What I wish I knew when I quit my job to work at Disney World
It can take years to find a job where you can make a good living, and it can be even harder to find a job where your voice is heard and respected. I miraculously found that job when I was 20, and I walked away from it, because I was still totally miserable.
I worked at a company that did internet tech support, and looking back, I’m not even sure how that happened. I have little to no IT skills, and if the solution to the call got more in depth than “turn it off, and turn it back on,” I was out. For some reason that I have yet to understand, they decided to promote me to an open project manager position. The only thing I knew less about than IT was how to manage projects/people. I got into a groove though, and it turned out I was really good at the job. My clients loved me; I confidently contributed in meetings; I earned the respect of the male dominated office. Things were going well when I decided that no matter how much they paid me or how well I did, this was absolutely not what I wanted to do with my life. I wanted to go back to school, and I wanted to work for Disney.
I’ve been a lifelong Disney fan, and going to Walt Disney World in Orlando was my semi-annual vacation. To me, nothing could beat working for that company. So I put in my two week notice, packed up the cat figurines on my desk, and left my job to follow my dream. These are a few of the things I wish I had known before I did that.
Your friends and family will probably think you’re crazy
When I told my family I was leaving that job to work at Disney, I got more than a few raised eyebrows. After all, I was moving to a new state where I didn’t know anyone to work at a theme park. It sounded crazy to most people, I’m sure, but those people have never seen Cinderella’s Castle during the fireworks. It’s absolutely breathtaking.
There will be times when you really regret it, and that’s OK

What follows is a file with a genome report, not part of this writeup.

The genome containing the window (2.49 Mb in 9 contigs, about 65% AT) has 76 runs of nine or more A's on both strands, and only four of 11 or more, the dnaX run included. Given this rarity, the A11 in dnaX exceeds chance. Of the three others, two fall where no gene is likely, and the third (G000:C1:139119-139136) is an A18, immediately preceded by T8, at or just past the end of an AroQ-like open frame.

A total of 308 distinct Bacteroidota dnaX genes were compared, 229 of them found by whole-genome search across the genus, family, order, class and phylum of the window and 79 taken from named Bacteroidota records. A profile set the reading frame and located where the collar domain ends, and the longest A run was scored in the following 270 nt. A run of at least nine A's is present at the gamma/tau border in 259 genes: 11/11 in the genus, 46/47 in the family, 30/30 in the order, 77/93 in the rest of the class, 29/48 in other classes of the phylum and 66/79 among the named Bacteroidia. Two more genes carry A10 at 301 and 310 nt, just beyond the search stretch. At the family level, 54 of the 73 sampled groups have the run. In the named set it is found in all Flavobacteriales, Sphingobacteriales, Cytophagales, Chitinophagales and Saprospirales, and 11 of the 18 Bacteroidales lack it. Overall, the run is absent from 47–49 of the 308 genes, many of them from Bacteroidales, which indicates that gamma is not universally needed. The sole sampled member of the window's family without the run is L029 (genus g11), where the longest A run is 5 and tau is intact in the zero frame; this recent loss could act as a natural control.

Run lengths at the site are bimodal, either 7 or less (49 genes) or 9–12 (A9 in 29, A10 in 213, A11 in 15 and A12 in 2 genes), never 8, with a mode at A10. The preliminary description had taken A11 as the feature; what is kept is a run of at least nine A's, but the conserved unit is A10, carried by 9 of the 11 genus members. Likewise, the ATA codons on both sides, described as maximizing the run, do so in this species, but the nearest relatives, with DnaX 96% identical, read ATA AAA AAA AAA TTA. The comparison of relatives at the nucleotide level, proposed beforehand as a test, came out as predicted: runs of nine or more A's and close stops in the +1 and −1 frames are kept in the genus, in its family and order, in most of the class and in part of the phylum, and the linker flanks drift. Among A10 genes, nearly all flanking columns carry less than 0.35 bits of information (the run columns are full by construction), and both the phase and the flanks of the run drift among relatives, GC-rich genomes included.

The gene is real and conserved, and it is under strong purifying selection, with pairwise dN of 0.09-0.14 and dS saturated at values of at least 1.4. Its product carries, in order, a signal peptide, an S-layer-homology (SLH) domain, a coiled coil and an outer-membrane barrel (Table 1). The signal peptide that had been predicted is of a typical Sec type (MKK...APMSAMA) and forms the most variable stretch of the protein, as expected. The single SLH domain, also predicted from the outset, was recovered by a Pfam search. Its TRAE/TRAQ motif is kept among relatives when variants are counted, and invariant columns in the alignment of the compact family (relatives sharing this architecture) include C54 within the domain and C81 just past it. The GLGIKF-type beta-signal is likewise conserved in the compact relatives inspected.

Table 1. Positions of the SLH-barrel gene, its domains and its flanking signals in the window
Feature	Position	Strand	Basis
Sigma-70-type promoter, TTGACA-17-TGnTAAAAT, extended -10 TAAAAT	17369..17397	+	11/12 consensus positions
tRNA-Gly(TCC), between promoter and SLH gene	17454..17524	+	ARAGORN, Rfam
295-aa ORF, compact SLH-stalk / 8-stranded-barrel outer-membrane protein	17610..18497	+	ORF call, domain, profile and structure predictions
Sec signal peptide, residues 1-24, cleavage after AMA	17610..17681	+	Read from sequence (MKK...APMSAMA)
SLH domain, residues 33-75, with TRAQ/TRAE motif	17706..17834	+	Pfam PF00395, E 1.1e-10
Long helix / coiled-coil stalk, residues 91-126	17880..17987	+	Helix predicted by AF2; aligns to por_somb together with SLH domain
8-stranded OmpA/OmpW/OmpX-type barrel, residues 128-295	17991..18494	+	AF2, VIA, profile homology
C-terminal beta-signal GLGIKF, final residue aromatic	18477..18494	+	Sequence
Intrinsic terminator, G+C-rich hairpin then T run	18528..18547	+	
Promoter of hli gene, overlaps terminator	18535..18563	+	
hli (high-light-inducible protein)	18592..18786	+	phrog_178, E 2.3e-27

The homesickness set in immediately. I missed my salary, my friends, my town, everything. In the beginning I was still full of pixie dust, and I was confident with my decision. Eventually though, it became harder and harder to justify why I had made the move. That’s when I started regretting leaving my job. But I had to remember that even though my new situation wasn’t perfect, my old one wasn’t right either. Making a change was the right thing to do.
Remember that not everyone’s path is the same
Some people saw my decision as a move backwards. I took a pay cut and a job with less growth potential than the one I was in, and it just didn’t make a lot of sense. I always argued that it wasn’t a move backwards, but rather a move down a completely different road. You can’t let anyone else’s opinions dictate what you do with your life, because only you have to live with those decisions.
It’s totally OK if you fail
I would probably call my career at Disney a failure. I took a job at the front desk of one of their hotels with the hopes of networking and quickly moving up to a managerial position. Unfortunately for me, it’s one of the largest companies in the world, making it almost impossible to move up. That realization broke my heart at first. Had I wasted my time? Why was I even here? But honestly, it’s okay. I’ve had great experiences and met some of the most amazing people in the world whom I never would have met otherwise.
It’s also OK if you change your mind.
When Disney lost its magic for me, I started trying to figure out what to do next. I also started writing a lot, and I haven’t really stopped since. I get to talk about my life and things that interest me, and I get to share those things with the world. I get to explore every single thing I’m interested in through my articles. There is no cooler job. In the next month I’ll be leaving Disney and Orlando to pursue writing full time. My dream may have changed, but my determination has not. And this time it’s not a company I’m after; it’s a career I’m super passionate about.
[Image via Wikipedia]